The Right Opens Up a New Front in the Census War: Criminal Records

In a congressional hearing, a witness from the neoconservative American Enterprise Institute said that the Census Bureau should ask about criminal records.

Illustration: Soohee Cho/The Intercept, Getty Images

Republicans appear poised to open a new front in the ongoing census wars, pushing to add a new question that inquires about the criminal record of respondents. The move comes amid a parallel effort to question residents about their citizenship status in 2020. Both questions would have the intended effect, Democrats charge, of suppressing participation, thereby shrinking Democratic representation.

In a hearing before the congressional Joint Economic Committee on Wednesday, a witness from the American Enterprise Institute, or AEI, an influential neoconservative think tank, put forward the notion that the Census Bureau start asking about criminal records. Such a question would affect a huge amount of people, as the United States has the largest prison population in the world, and according to federal data, roughly 30 percent of Americans have a criminal record.

AEI’s Nicholas Eberstadt framed the proposal in terms of some deeply held concern about the victims of mass incarceration. “It is shocking — I would dare say shameful — that our statistical system should so entirely neglect the plight of this huge, stigmatized, and disadvantaged population in our society,” he said in his testimony.

“We have a chance to end this statistical darkness,” he said. “Including just one or two questions on criminal justice system history in the American Community Survey could end this not-so-benign neglect.”

Though he framed it as a matter of having accurate data to help understand issues around mass incarceration, Democrats say the questions are an attempt to intimidate vulnerable populations, particularly communities of color and people who are poor, to deliberately undercount them in the census and hurt them electorally. Experts at the Census Bureau itself have warned against the citizenship question, saying that it would harm accuracy.

The official population count is used to allocate congressional seats, Electoral College votes, and billions of federal funds that go to roads, schools, and other needs.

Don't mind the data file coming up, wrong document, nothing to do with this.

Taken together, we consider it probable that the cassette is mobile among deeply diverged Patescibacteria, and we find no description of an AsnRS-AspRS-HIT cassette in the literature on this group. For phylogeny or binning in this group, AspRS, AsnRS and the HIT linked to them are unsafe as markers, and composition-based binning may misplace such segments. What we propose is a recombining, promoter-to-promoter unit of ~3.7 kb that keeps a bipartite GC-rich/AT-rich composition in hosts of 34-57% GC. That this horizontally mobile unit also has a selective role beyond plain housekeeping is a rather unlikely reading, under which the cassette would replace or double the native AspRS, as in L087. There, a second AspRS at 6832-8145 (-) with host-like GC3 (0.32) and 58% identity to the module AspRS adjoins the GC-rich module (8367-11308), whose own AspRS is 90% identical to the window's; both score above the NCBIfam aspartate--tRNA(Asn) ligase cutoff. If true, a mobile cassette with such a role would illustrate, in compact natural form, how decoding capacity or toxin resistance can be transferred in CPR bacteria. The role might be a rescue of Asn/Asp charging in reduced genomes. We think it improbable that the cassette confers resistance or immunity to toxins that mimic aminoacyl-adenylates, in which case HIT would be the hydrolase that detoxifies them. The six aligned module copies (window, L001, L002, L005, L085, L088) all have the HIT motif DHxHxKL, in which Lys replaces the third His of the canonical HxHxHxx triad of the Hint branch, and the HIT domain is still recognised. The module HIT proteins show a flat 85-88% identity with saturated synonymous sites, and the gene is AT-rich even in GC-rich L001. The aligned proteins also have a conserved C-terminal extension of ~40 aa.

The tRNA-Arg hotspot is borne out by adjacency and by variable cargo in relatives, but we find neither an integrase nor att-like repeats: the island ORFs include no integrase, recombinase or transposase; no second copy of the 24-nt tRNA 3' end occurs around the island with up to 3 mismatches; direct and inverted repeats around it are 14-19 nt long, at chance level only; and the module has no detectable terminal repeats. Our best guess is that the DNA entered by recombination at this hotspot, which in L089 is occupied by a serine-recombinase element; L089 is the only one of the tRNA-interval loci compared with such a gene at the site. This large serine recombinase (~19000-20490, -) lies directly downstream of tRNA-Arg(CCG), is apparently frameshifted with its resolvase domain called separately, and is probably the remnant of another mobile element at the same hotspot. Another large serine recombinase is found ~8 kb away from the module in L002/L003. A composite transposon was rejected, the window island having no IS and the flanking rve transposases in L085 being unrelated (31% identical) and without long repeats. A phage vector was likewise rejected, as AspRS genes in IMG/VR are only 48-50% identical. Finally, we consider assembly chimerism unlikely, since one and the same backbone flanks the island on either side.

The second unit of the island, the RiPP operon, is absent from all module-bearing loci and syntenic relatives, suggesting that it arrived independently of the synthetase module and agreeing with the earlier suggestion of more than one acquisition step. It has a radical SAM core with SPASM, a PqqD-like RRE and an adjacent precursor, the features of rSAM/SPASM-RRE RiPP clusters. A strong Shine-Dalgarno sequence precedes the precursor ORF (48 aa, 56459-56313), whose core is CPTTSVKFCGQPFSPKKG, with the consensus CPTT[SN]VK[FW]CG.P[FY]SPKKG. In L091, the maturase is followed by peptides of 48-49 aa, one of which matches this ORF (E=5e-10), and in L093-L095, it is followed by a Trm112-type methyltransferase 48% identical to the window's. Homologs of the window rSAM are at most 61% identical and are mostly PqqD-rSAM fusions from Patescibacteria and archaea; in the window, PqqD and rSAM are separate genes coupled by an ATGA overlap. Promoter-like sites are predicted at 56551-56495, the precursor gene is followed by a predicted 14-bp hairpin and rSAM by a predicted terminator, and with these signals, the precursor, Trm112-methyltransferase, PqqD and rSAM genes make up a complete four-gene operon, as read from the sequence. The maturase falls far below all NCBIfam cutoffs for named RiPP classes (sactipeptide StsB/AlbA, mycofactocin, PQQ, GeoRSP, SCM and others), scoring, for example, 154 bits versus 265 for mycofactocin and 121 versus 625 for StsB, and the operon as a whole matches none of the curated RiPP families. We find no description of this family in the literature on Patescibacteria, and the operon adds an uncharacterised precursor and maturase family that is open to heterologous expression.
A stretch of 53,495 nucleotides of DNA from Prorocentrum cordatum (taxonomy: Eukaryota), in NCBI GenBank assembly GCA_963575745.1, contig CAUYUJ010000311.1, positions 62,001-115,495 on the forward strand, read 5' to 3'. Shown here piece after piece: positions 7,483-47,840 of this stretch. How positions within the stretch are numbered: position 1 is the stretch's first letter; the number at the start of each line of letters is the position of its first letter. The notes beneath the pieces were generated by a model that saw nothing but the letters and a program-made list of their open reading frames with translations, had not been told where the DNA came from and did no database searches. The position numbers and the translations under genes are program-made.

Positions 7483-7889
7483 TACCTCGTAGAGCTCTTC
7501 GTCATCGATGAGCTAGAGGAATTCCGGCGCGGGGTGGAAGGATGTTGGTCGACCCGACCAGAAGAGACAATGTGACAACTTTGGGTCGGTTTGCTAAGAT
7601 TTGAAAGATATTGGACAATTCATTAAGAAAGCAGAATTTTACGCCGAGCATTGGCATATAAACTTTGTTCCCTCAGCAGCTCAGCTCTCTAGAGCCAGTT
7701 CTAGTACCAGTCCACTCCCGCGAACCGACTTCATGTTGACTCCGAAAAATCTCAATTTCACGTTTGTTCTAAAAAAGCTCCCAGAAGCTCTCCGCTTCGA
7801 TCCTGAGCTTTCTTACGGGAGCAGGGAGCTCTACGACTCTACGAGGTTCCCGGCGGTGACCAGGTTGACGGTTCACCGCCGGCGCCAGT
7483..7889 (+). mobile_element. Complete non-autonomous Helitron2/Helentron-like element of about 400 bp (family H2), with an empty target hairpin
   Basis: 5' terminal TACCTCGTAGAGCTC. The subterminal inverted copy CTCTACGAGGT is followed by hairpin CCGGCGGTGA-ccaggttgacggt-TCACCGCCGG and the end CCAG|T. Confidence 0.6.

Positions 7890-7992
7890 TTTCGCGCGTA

Getting the count wrong would be costly with far-reaching effects on nearly every segment of the population and on nearly every industry in our economy,” Rep. Carolyn Maloney, a New York Democrat and the vice chair of the committee, said in her opening statement. “We would be misallocating resources through misguided business investments and poorly targeted government expenditures. We would be using flawed data as the basis for making and evaluating decisions. And we would be doing this for a decade.”

One of the Democratic witnesses, Howard Fienberg, vice president of advocacy at the Insights Association and co-director of the Census Project, said they are “extremely concerned” about accuracy given the cancellation of census field testing in remote and rural areas, the potential drop in response rate due to the citizenship question and a general distrust in government, and the administration’s plan to not spend all available resources allocated by Congress for the fiscal year.

Similar to how AEI is framing the criminal record question, the Trump administration framed the citizenship question as wanting to permit more effective enforcement” of the Voting Rights Act and “protect minority population voting rights.”

House Democrats during an Oversight Committee hearing in March confronted Commerce Secretary Wilbur Ross for lying about the process behind his decision to add a question about citizenship to the census. The Supreme Court is expected to rule on the citizenship question in June.

In his testimony, Eberstadt said we know “almost nothing” about the country’s sentenced and arrested populations. “Age, sex, ethnicity, living arrangement, family situation, income, educational profile, health status, and all the rest of the data the U.S. federal statistical system collects for our national population,” he said, “cannot be cross-referenced by ‘arrest status.'”

“Irrespective of future policing and judicial policies, the population of arrested Americans and Americans with a felony is on track to continue to grow for many years to come — quite possibly for decades to come,” his testimony concluded.  

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